St. Louis River near New Duluth, MN – September 3, 2012
Duluth’s harbor is a maze of industry. Giant grain silos rise into the sky near ore docks, piles of coal form black mountains, a thousand vessel visits a year move 40 million tons of goods. From a kayak all you see is a tangle of docks and the hulls of freighters rising like steel cliffs.
But industry can’t go forever. As the water thins, metal and machines slide away, replaced by grass and mud. Mechanical sounds fade too, motors no longer whirl, belts loading ships don’t spin, they become nothing but echoes that disappear into the ripple of water and wind.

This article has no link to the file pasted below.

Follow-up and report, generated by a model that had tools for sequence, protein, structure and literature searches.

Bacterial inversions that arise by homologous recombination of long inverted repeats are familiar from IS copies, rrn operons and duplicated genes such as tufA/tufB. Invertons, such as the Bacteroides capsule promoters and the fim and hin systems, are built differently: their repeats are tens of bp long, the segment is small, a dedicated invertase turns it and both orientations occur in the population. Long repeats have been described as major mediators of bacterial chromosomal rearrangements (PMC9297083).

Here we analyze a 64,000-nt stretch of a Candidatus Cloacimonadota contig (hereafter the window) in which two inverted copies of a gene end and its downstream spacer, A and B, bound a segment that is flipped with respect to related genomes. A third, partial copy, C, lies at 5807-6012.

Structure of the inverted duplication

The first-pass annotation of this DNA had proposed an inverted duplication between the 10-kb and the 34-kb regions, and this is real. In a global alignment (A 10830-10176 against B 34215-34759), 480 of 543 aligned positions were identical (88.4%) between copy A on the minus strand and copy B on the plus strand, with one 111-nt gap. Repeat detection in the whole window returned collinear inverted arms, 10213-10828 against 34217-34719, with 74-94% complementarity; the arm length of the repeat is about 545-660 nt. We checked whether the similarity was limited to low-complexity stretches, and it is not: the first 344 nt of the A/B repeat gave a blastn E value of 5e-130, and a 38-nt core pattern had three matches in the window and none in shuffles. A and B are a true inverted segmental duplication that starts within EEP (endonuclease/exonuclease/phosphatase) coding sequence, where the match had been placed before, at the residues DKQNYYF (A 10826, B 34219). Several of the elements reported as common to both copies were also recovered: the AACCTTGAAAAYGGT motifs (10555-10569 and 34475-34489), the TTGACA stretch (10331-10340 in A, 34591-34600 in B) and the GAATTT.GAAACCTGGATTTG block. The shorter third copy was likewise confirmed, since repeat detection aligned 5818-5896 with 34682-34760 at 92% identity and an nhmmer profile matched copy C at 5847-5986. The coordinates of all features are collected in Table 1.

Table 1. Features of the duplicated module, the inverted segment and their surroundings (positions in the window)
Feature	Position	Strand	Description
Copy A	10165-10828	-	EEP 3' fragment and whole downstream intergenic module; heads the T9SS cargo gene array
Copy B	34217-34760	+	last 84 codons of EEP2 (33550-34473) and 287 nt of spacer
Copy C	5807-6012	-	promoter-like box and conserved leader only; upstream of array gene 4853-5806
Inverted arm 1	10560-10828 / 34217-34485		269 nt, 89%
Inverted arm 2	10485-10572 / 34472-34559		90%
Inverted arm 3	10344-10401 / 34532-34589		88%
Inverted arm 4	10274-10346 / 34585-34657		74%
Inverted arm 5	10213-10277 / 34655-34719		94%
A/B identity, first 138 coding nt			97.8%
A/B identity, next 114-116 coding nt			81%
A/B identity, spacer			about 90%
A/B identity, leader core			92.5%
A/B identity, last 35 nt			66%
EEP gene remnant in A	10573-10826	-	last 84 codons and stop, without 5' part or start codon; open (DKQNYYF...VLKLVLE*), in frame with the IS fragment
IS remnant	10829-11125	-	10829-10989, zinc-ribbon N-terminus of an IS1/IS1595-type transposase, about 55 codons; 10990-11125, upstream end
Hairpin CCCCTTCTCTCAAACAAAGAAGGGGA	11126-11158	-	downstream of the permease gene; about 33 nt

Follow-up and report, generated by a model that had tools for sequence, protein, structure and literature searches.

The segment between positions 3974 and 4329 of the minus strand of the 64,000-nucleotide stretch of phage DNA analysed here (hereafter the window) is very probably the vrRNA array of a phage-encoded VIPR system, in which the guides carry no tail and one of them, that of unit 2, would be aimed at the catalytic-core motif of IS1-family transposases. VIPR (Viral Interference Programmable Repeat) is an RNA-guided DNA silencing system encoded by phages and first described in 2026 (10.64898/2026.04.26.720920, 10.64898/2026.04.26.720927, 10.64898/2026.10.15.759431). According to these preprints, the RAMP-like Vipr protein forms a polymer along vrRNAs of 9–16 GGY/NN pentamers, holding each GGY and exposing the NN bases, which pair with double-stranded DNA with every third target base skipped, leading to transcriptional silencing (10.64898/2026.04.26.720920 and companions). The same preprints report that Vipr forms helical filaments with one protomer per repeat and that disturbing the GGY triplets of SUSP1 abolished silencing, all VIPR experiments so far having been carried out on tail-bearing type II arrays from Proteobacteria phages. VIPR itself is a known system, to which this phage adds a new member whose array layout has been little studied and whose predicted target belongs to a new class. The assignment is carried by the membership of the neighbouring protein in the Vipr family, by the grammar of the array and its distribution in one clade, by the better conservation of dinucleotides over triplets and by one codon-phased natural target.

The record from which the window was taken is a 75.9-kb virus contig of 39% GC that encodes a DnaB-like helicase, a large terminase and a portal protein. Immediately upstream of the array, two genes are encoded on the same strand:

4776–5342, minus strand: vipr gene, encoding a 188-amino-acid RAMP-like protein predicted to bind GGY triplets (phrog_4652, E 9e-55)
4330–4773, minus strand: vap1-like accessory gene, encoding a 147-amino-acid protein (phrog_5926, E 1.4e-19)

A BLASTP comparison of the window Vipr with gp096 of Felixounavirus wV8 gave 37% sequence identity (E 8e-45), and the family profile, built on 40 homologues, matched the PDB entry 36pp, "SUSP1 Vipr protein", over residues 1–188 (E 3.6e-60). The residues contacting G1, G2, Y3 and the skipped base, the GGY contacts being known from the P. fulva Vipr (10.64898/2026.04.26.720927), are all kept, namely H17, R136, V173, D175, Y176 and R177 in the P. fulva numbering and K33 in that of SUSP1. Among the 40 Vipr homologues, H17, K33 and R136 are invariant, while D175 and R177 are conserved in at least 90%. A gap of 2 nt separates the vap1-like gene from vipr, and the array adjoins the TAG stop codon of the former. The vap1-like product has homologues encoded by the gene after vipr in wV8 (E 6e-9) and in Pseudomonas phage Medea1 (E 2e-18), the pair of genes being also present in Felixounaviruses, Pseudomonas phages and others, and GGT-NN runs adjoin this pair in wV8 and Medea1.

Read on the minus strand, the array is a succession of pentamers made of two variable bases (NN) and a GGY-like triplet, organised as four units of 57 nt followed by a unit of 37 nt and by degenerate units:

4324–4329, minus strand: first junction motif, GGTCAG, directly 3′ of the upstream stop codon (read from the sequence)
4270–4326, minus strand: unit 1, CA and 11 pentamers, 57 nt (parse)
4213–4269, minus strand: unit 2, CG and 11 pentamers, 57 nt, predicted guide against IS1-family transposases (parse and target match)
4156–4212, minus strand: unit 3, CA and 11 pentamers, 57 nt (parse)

It feels like Florida, like the sleepy backwaters on the edge of river and ocean. I stare at logs expecting to see Alligators.
For a few moments, I don’t think about the five dams and rapids on the horizon or the Savanna Portage waiting behind them. I just watch civilization trickle away and think about how good the wild feels.